U.S. Broadens Hunt for Tax Evaders
The hunt for money hidden in Swiss bank accounts by U.S. citizens has become a global chase, with prosecutors tracing records to Singapore, the Cook Islands and elsewhere as U.S. authorities increase the pressure on Swiss lenders to turn over evidence, according to officials.
Kathryn Keneally, head of the Justice Department’s tax division, said in an interview that in the wake of a guilty plea to criminal charges by Credit Suisse Group AGCSGN.VX -1.50% , the U.S. expects to collect more evidence pointing to suspect accounts beyond Switzerland’s borders.
Credit Suisse, which last week pleaded guilty to conspiracy and agreed to pay $2.6 billion to settle allegations it helped wealthy Americans hide money from the Internal Revenue Service, has agreed to turn over some bank records that can help U.S. authorities track down individual account holders across the globe.
“It’s fair to say we know where the tax-haven countries are. You’ve got Singapore, you’ve got the Cook Islands,” said Ms. Keneally, who plans to announce Tuesday that she will leave the Justice Department to return to private practice. She said the U.S. has traced money transfers to banks in India, Israel, Luxembourg, Lichtenstein, the Cayman Islands and other Caribbean countries.
The Credit Suisse settlement is part of a broader effort by the U.S. to pressure Swiss banks to help authorities track money of U.S. citizens.
More than 43,000 Americans have sought to join the U.S. government’s voluntary disclosure program, in which individuals can self-report previously undisclosed overseas accounts and work out a payment plan with the IRS that avoids criminal charges.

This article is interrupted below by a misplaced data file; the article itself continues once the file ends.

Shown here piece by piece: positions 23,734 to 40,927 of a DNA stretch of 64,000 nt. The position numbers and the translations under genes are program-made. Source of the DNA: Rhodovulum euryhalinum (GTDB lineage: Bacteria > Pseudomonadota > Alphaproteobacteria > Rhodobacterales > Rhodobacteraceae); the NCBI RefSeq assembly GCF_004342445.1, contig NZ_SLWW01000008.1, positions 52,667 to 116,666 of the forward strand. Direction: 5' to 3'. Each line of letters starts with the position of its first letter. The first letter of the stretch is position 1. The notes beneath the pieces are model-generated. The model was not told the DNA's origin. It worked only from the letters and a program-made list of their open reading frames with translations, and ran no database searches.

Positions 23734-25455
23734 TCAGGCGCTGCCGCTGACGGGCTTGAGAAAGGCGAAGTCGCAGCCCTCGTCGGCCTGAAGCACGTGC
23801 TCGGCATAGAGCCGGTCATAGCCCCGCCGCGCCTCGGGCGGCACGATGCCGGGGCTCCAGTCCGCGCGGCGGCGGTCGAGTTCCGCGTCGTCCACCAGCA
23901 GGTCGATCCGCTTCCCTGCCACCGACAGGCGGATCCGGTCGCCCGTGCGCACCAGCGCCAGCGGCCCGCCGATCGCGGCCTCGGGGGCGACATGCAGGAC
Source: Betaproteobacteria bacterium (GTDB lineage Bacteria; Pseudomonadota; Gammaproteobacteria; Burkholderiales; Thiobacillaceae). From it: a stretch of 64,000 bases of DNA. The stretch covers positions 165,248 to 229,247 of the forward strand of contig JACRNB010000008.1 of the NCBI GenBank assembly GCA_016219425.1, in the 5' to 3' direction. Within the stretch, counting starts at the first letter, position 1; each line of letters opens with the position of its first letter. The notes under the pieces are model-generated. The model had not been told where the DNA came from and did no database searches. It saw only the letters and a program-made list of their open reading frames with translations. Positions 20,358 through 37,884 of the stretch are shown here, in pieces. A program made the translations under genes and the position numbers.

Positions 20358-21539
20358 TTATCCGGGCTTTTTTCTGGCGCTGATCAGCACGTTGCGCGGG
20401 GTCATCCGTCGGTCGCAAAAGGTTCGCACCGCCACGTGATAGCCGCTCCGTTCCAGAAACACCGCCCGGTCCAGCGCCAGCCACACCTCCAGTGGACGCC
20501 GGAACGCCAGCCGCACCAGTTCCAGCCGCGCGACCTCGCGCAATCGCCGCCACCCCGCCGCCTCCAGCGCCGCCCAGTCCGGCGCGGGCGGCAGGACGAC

About 100 Swiss banks have applied to join a Justice Department program that allows them to voluntarily turn over records about possible undisclosed U.S. accounts.
“I think Credit Suisse is significant beyond tax enforcement,” said Ms. Keneally. The terms of the bank’s plea “shows an important balance of holding a financial institution liable for its conduct without causing undue harm on innocent employees, and the economy generally, that might flow from how you treat a bank with criminal liability.”
Ms. Keneally signaled the U.S. may extend next month’s deadline for Swiss banks to turn over records to give lenders more time to communicate with clients and provide the expected information. She didn’t say how long the extension would last.
“We expect to get from the Swiss banks a wealth of information that will lead us to the rest of the world, and that information will be fueling our investigations for some time into the future,” she said.
When word first spread in 2008 that the U.S. was making a new push to ferret out Americans hiding taxable money in Switzerland, some account holders chose to move money further out of the reach of U.S. authorities. But prosecutors expect the Credit Suisse settlement, along with separate voluntary disclosure programs for Swiss banks and account holders, to lead prosecutors to a trove of American accounts.
“The ultimate goal is to make this a crime that is foolish to commit,” Ms. Keneally said. “It’s going to be harder and harder to engage in this conduct. There’s going to be fewer and fewer places in the world where a taxpayer can attempt this crime, and they will be less and less trusty places.”
Scott Michel, a lawyer who advises clients on these issues, said sticking to the deadline for about 100 Swiss banks to discuss the issue with their American clients, then present a potentially large volume of records in about five weeks would be “almost physically impossible.”
The Justice Department, the lawyer said, “is sending a less-than-subtle message to banks around the world, that if you have a problem, you should come see us now, rather than wait for them to put together the puzzle pieces and come to them.”